Etymology
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algae (n.)
(plural), 1794, from alga (singular), 1550s, from Latin alga "seaweed," which is of uncertain origin. Perhaps connected to Latin ulva "grass-like or rush-like aquatic plant," or perhaps from a PIE root meaning "to putrefy, rot," but de Vaan considers this unlikely and suggests it might be a foreign loan-word.
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alga (n.)
1550s, singular of algae (q.v.).
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algal (adj.)

"of or pertaining to the algae," 1846, from Latin alga (see algae) + -al (1).

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algologist (n.)
"student of seaweed," 1830, from Latin alga (see algae) + -logist (see -logue). Related: Algology.
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phytoplankton (n.)

"microscopic marine algae, the plant parts of the plankton community," 1897, from phyto- + plankton.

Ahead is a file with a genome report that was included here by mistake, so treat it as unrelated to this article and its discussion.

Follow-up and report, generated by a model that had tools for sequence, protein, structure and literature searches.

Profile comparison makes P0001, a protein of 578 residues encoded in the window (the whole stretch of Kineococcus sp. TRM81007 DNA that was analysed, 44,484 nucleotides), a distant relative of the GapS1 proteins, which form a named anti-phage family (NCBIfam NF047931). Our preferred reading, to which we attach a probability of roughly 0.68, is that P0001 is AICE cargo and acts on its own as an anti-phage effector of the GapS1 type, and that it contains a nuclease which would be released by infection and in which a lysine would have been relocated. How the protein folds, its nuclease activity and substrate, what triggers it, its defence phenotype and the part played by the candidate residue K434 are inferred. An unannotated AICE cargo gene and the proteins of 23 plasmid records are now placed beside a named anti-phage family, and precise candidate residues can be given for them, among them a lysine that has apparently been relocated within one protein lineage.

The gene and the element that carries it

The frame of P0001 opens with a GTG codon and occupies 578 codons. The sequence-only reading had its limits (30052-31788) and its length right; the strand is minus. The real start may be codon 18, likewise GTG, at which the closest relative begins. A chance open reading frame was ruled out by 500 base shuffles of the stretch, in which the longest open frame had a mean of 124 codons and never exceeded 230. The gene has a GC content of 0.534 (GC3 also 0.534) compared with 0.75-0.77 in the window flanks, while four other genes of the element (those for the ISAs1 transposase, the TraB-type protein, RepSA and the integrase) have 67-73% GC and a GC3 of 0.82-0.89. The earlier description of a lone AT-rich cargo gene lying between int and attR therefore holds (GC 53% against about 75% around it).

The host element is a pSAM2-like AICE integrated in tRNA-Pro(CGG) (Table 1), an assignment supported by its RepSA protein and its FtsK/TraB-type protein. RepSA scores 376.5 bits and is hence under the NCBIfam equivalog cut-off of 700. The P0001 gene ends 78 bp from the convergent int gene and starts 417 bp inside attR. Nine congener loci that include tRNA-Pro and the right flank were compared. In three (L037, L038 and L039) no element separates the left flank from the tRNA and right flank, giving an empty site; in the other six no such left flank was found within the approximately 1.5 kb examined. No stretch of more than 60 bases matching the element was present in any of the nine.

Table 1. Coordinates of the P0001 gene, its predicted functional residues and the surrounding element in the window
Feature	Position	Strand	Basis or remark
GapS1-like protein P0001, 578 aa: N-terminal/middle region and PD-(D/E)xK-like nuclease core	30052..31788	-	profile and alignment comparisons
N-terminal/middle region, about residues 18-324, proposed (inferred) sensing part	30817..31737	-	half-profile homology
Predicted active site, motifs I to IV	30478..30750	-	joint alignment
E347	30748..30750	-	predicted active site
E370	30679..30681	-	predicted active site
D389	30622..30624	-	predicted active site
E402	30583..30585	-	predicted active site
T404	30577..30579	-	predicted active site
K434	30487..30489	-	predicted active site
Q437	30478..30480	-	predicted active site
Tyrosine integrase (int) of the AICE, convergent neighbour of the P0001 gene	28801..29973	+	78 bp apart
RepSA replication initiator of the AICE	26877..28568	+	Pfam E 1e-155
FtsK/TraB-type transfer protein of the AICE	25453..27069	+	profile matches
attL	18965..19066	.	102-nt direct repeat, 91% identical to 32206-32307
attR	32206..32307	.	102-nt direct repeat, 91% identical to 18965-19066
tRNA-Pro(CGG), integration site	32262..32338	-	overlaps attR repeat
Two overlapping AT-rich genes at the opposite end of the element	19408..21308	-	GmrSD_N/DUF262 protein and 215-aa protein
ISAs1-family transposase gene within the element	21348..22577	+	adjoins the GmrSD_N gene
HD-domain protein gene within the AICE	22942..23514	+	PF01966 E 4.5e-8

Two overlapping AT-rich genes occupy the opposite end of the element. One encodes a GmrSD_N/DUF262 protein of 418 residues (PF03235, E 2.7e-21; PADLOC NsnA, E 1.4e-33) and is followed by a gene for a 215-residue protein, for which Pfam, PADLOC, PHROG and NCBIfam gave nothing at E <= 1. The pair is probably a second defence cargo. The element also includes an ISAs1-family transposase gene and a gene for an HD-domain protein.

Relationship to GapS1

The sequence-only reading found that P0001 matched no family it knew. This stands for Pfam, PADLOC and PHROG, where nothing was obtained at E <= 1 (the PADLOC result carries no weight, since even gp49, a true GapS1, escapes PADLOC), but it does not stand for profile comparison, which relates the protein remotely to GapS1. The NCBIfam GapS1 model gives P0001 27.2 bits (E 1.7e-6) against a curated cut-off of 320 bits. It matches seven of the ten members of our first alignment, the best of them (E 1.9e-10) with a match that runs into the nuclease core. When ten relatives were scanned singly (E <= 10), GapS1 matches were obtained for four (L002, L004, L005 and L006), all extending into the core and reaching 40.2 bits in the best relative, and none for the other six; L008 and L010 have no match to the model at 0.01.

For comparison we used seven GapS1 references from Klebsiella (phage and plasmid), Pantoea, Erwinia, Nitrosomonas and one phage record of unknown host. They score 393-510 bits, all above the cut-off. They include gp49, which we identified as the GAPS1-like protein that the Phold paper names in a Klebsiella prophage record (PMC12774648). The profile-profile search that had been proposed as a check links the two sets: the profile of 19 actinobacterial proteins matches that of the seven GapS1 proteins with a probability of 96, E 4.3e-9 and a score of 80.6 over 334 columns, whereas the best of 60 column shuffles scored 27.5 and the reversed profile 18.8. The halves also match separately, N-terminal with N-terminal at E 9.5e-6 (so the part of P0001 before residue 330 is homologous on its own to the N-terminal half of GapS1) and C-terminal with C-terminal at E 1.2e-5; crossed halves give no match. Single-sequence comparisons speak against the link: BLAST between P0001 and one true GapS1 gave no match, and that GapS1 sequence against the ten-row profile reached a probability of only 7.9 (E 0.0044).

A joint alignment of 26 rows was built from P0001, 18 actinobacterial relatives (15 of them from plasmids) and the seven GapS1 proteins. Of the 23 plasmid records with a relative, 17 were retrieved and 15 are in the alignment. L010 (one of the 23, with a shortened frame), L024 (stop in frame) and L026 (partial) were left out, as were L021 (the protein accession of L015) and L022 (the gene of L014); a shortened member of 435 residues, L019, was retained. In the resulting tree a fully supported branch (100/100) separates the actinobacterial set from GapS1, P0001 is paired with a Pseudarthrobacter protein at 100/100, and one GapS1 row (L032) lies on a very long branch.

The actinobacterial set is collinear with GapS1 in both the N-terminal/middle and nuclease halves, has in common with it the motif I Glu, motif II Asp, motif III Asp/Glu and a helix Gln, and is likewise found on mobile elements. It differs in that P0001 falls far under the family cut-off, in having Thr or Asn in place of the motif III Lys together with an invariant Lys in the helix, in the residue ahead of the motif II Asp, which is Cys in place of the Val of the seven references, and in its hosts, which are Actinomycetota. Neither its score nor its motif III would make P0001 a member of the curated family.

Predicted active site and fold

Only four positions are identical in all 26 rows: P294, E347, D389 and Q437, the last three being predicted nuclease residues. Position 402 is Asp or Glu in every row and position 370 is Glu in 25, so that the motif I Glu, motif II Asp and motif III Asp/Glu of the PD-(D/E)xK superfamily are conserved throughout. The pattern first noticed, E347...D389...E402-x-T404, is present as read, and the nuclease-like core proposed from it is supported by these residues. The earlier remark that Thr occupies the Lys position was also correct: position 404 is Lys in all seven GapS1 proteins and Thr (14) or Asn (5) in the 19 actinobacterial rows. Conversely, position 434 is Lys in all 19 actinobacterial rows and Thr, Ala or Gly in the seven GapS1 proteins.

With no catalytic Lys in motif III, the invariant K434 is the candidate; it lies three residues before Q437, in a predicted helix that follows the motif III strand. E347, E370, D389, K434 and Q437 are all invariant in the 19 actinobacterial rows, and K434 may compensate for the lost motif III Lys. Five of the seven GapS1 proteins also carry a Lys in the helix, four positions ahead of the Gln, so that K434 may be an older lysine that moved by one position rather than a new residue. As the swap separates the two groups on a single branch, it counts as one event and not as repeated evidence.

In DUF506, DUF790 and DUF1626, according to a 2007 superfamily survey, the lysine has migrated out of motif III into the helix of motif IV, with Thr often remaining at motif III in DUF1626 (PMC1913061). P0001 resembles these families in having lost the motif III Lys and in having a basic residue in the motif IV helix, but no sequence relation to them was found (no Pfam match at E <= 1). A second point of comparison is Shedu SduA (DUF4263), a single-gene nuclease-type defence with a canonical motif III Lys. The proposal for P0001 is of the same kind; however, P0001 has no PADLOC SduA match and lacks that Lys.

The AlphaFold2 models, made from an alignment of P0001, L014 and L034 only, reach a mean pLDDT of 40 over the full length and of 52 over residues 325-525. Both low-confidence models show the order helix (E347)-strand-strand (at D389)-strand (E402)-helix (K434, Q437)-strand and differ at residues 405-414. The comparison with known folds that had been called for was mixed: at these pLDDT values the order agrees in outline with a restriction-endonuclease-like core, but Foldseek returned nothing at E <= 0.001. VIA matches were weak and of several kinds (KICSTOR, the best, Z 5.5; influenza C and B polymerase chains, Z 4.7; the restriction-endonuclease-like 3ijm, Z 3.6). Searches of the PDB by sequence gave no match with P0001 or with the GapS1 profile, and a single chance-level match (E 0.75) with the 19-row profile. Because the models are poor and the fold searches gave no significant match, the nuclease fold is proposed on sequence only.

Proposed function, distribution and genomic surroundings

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phycology (n.)

"study of seaweeds, the department of botany that treats of algae or seaweed," 1847, from phyco- + -logy. Related: Phycological; phycologist.

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volvox (n.)
genus of fresh-water algae, 1798, from Latin volvere "to roll," from PIE root *wel- (3) "to turn, revolve." So called from their motion.
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prokaryotic (adj.)

"having no nuclear membrane in its cell" (as bacteria and blue-green algae), 1957, from prokaryote + -ic. Related: Prokaryon.

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Red Sea (n.)
the Greek thalassa erythra; the reason for the name is unknown; speculation has traced it to: 1. algae in coastal waters; 2. sandstone rock formations on the shores; 3. a tribal name; 4. ancient association of "red" with "south" (as "black" with "north").
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thallus (n.)
1829, Latin, from Greek thallos "green shoot, young branch, twig," related to thalia "abundance," thalos "scion, child," ultimately from PIE root *dhal- "to bloom" (source also of Armenian dalar "green, fresh," Albanian dal' "I sprout," Old Irish duilesc, a type of algae).
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